The 25th Anniversary production stars the amazingly talented Iranian born Canadian Ramin Karimloo as the Phantom and American Broadway star Sierra Boggess as Christine Daae, with a great supporting performance from Hadley Fraser as Christine's love interest Raoul. Karimloo and Boggess incidentally are no strangers to the characters, having played them previously in the London production of the sequel to this show 'Love Never Dies'. Their chemistry on stage is perfect as are their performances.
Ramin is terrific as the Phantom and injects emotion and passion into the show playing the phantom as essentially a victim, with a voice that at times can be vengeful and deadly, yet soft and vulnerable at others. His delivery of the 'insolent boy' line near the beginning strikes fear right around the Albert Hall. I would even go as far to say that he is the best Phantom that I've watched so far, having previously experienced others on stage live and unfortunately the terrible 2004 movie version starring Gerard Butler. His acting is great without being over the top, and you really feel for the character. Sierra Bogges is also amazing displaying sensitivity, vulnerability and sexuality all throughout the show. Her performance of 'past of the point no return' being a particular highlight. The two leads work very well together and make the show believable.
There are also good supporting performances too. Hadley Fraser's Raoul is dynamic and energetic without becoming too irritating and makes quite a good match against the Phantom in the battle for Christine's heart. Wendy Ferguson and Wynne (Go Compare) Evans are very funny as the diva Carlotta and Piangi, the two Italian opera supremos who are the subjects of Phantom's rage and eventually driven to obedience. Equally as funny and memorable are the opera house managers Firmin and Andre, played brilliantly by Barry James and Gareth Snook, who camp it up and provide some additional comedy.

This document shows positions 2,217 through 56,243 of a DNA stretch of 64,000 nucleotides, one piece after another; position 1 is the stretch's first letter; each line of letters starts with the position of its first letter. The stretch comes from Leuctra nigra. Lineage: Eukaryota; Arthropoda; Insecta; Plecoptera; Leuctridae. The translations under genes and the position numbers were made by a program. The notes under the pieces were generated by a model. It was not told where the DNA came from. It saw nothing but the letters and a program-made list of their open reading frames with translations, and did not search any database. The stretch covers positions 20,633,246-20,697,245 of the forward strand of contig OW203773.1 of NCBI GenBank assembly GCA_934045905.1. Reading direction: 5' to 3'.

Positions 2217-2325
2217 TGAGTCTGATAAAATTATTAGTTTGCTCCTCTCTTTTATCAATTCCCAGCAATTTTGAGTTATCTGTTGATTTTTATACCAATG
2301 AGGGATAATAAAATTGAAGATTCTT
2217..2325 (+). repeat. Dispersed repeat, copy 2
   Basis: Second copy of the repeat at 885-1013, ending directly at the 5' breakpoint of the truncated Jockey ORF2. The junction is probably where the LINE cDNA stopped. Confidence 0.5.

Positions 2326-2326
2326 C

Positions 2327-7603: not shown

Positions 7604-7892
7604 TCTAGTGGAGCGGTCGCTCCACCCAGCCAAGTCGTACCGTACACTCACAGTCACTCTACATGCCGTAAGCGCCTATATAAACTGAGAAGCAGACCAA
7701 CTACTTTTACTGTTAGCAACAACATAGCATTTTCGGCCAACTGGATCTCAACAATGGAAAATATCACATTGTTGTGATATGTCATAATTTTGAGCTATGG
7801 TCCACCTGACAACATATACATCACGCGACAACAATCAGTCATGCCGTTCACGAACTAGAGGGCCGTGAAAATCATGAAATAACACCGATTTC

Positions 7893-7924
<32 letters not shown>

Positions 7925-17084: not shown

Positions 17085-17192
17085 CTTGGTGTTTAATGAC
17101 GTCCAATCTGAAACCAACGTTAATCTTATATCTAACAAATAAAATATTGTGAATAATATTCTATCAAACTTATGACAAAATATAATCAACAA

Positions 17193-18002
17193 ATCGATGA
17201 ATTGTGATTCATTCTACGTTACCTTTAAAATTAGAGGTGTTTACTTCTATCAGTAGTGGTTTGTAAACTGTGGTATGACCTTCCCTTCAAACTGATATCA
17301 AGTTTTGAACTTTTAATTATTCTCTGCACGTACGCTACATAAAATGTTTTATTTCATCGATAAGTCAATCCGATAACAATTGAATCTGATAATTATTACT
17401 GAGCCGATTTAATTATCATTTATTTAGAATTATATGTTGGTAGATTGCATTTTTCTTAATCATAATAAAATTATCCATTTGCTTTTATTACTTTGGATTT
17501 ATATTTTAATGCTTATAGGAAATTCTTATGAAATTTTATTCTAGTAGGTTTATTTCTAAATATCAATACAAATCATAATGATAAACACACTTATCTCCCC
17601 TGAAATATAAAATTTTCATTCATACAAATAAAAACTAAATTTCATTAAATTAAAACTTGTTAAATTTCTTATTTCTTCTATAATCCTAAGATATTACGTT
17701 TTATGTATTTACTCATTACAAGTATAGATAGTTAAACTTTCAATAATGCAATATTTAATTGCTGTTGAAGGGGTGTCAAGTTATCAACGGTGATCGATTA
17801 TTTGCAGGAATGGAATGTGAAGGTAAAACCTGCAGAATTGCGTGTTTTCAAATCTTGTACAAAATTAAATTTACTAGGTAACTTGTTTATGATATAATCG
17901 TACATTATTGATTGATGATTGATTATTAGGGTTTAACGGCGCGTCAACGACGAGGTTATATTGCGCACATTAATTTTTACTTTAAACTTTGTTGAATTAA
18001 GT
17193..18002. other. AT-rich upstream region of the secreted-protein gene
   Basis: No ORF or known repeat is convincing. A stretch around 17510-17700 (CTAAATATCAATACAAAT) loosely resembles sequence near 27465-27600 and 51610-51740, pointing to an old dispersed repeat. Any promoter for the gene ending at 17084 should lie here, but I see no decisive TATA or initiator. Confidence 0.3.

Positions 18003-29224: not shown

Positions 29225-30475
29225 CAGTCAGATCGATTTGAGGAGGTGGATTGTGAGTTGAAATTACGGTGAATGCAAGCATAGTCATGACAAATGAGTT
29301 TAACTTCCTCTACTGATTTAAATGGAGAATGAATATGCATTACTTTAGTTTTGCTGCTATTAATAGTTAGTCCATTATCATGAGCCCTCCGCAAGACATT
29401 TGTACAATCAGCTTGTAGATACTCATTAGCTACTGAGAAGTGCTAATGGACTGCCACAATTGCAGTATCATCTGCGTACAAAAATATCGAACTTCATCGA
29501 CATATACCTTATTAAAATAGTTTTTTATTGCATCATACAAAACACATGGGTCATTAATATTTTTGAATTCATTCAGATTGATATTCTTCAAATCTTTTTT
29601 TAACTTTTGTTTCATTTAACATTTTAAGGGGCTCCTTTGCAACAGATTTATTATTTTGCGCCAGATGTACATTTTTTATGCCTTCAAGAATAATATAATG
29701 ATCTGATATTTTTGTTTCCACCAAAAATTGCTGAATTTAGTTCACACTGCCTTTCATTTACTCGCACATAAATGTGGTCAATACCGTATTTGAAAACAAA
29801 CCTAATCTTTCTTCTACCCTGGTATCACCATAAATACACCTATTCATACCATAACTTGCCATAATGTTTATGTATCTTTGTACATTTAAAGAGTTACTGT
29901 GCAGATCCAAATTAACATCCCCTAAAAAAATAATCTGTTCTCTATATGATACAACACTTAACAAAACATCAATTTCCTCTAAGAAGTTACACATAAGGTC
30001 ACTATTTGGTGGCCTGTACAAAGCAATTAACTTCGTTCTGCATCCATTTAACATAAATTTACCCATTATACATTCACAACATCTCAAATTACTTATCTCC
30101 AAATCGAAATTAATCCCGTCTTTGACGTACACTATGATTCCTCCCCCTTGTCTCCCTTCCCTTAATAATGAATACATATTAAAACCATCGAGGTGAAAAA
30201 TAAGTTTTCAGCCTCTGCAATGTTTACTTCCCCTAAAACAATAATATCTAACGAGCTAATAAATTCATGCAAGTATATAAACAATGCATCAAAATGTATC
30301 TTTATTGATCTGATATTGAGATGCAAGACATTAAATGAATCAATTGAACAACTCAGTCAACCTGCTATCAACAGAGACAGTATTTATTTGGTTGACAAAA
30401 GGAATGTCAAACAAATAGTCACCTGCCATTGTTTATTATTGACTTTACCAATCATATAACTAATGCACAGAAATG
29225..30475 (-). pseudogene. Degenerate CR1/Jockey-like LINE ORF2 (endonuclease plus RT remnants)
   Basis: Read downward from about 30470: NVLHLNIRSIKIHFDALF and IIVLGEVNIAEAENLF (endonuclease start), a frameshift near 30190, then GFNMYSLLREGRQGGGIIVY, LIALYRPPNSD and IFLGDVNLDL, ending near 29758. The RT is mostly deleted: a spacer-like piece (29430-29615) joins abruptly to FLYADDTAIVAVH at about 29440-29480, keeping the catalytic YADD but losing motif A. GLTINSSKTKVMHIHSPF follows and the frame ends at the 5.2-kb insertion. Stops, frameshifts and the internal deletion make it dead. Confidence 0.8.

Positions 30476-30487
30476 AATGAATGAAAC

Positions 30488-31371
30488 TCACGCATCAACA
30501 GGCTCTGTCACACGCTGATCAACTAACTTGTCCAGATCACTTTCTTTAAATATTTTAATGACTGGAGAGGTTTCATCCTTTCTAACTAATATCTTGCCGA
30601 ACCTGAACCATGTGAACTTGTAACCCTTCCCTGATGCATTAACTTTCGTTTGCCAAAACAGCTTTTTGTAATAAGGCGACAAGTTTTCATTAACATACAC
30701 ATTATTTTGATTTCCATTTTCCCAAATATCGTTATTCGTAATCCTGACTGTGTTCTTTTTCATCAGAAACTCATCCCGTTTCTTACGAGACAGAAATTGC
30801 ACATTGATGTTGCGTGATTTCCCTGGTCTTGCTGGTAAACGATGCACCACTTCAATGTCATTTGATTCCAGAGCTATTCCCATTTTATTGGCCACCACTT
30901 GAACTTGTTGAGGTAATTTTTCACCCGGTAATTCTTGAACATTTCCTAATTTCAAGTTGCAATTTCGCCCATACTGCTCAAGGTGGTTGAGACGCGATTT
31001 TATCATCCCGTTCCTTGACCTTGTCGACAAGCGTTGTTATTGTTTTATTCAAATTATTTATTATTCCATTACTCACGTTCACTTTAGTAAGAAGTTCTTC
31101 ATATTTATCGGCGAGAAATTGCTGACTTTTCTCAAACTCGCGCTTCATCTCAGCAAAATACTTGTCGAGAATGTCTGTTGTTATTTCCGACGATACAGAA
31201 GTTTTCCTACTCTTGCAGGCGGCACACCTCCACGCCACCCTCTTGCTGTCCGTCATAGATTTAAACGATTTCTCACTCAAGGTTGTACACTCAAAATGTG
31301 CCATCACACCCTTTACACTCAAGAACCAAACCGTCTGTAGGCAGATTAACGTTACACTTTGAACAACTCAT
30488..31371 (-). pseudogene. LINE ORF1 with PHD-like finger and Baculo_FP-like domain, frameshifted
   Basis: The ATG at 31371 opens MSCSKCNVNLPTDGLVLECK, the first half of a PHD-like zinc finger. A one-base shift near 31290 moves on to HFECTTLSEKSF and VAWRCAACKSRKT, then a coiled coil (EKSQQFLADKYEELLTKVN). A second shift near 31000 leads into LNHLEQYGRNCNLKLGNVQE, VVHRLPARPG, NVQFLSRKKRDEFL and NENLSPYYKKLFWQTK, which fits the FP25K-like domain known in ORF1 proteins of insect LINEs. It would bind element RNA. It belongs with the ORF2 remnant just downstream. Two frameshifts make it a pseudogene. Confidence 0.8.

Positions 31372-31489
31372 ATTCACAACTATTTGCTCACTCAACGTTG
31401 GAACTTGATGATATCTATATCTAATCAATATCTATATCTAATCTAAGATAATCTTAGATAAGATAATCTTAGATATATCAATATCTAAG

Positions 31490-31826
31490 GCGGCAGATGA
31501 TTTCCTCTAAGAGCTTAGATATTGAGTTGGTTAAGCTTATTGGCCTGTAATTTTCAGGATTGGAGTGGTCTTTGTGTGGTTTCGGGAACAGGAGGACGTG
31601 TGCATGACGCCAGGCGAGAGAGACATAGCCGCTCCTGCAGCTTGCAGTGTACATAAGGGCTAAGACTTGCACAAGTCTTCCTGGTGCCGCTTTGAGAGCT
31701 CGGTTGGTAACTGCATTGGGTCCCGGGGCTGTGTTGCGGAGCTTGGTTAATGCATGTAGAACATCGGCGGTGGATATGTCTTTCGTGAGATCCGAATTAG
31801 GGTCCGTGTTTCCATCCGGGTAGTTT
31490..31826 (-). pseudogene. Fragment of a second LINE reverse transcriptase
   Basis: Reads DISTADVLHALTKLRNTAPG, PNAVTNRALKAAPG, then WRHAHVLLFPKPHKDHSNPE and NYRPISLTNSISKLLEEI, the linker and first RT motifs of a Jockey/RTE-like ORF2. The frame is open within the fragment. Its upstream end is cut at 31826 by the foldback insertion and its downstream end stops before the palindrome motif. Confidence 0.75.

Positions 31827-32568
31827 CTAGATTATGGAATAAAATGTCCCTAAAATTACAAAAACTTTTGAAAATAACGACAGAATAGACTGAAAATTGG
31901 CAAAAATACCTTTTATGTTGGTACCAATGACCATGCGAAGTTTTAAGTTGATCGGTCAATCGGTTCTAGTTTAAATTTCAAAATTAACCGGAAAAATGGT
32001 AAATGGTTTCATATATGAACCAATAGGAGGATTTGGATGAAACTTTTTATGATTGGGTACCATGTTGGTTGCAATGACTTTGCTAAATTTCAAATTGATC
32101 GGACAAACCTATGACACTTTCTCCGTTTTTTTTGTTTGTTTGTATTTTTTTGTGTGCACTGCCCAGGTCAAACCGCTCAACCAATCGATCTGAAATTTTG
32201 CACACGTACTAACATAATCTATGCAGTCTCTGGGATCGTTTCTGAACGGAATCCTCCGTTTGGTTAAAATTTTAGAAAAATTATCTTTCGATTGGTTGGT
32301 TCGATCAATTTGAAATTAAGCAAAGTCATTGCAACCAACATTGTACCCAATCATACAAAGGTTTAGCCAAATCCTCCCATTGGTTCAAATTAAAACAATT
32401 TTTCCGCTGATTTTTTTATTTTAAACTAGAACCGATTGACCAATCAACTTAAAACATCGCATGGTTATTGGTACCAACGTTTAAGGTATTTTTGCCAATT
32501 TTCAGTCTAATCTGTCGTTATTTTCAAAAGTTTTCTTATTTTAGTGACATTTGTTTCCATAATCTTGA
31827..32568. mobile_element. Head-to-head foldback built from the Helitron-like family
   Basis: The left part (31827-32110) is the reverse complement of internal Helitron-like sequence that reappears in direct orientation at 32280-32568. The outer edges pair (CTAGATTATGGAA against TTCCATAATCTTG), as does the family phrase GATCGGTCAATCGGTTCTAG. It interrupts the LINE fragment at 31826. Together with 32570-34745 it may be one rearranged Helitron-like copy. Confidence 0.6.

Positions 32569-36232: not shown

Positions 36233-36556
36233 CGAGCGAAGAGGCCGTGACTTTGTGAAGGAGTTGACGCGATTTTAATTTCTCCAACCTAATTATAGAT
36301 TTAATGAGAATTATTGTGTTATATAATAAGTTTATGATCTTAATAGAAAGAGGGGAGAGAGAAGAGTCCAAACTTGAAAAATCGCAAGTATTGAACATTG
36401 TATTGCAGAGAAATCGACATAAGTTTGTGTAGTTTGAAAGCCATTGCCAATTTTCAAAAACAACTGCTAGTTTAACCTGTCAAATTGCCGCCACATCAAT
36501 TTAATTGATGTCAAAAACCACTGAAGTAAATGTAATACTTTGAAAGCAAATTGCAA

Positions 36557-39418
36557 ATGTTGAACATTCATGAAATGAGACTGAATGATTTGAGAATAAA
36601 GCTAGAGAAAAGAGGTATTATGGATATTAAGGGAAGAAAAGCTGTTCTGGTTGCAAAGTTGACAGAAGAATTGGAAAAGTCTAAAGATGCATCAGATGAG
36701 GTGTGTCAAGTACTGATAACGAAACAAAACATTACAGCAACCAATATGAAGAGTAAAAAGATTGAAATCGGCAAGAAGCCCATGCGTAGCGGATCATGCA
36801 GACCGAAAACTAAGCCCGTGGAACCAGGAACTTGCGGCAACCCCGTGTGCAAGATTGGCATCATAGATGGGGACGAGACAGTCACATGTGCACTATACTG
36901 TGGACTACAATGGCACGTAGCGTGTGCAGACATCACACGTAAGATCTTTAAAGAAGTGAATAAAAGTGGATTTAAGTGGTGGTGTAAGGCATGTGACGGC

The staging and scenery is spectacular, with the doomed chandelier hanging above the audience and the on stage sets, especially the bridge leading to the Phantom's lair, featuring prominently. Due to the venue they had to make a very slight change to the chandelier scene at the end of the first part of the show, but it isn't a big deal and still has a great impact in my opinion.
The show is pretty much identical to that of the theatre version that one may see in London's West End or anywhere else it may be on. Some lines were changed ever so slightly but nothing noticeable or significant. The performances throughout will leave you astounded and definitely not disappointed. In fact there are simply no scenes or performances that can be criticised. If you are a fan of the show you will love this and not be disappointed.
As in usual 'anniversary style', like the Les Miserables 25th concert, they bring back all the old Phantom's and stars who have performed over the years in various productions. Including Michael Crawford and Sarah Brightman. Andrew Lloyd-Webber also makes a speech about the show and it's legacy.
So now finally you can watch the show like you were in the theatre itself whenever you want. One advantage this production has over seeing it live is that you get to see all the facial expressions and emotions up close, thereby really getting a feel for the show almost like a movie in some parts (but definitely much better than the actual movie).